At the low level of storage and data integration, that means the best platform for accomplishing this would be SQL—or better yet, a higher-level “join” service that’s abstracted or virtual, as in the diagram below. It makes sense that you’d need some sort of glue engine to join identities with the multiple attributes that are siloed across the different processes of your organization. And we know that LDAP directories alone, without some sort of integration mechanism, are not equipped for that. In fact, Gigya, the more “pure play” in this space, doesn’t even use LDAP directories; instead, they store everything in a relational database because SQL is the engine for joining.

Abstraction Layer

So if we look at the customer identity market through this lens of SQL and the join operation, I see a couple of hard truths for the traditional IAM folks:

  1. First, if we’re talking about using current IAM packages in the security field for managing customer access, performance and scalability are an issue due to the “impedance” problem. Sure, your IAM package “supports” SQL but it’s optimized for LDAP, so unless you migrate—or virtualize—your customers’ identity from SQL to LDAP in the large volumes that are characteristic of this market, you’ll have problems with the scalability and stability of your solution. (And this does not begin to cover the need for flexibility or ease of integration with your existing applications and processes dealing with customers).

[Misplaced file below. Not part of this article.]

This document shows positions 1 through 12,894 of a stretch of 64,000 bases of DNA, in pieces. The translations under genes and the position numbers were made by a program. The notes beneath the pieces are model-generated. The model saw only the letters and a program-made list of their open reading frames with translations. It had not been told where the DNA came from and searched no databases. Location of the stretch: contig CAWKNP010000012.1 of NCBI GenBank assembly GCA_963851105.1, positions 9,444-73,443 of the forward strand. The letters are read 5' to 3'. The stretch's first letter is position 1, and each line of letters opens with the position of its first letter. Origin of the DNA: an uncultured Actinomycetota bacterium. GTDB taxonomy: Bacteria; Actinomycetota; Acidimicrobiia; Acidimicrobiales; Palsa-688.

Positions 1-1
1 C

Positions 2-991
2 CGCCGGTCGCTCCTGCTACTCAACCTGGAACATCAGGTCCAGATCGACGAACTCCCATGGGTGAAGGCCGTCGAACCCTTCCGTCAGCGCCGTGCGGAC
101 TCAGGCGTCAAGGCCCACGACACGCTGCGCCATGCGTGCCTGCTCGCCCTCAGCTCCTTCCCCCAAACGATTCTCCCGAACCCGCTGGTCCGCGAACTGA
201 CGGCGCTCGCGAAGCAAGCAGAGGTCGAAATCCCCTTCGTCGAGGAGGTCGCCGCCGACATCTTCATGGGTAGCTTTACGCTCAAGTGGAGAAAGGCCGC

2. And second, if you are looking at leveraging the customer registration process as a first step to build a complete profile, your challenge is more in data/service integration than anything else. In that case, I don’t see where there’s a play for “traditional WAM” or “federation” vendors that stick to an LDAP model, because no one except those equipped with an “unbound” imagination would use LDAP as an engine for integration and joining… 🙂

The Nature of Nurturing: An Object Lesson in Progressive, Contextual Disclosure

Before we give up all hope on directories (or at least on hierarchies, graphs, and LDAP), let’s step beyond the security world for a second and look at the marketing process of nurturing prospect and customer relationships. Within this discipline, a company deals with prospects and customers in a progressive way, guiding them through each stage of the process in a series of steps and disclosing the right amount of information within the right context. And of course, it’s natural that such a process could begin with the registration of a user.

We’ll step through this process in my next post, so be sure to check back for more on this topic…

Current Web Access Management Solutions Will Work for the Customer Identity Market—If We Solve the Integration Challenge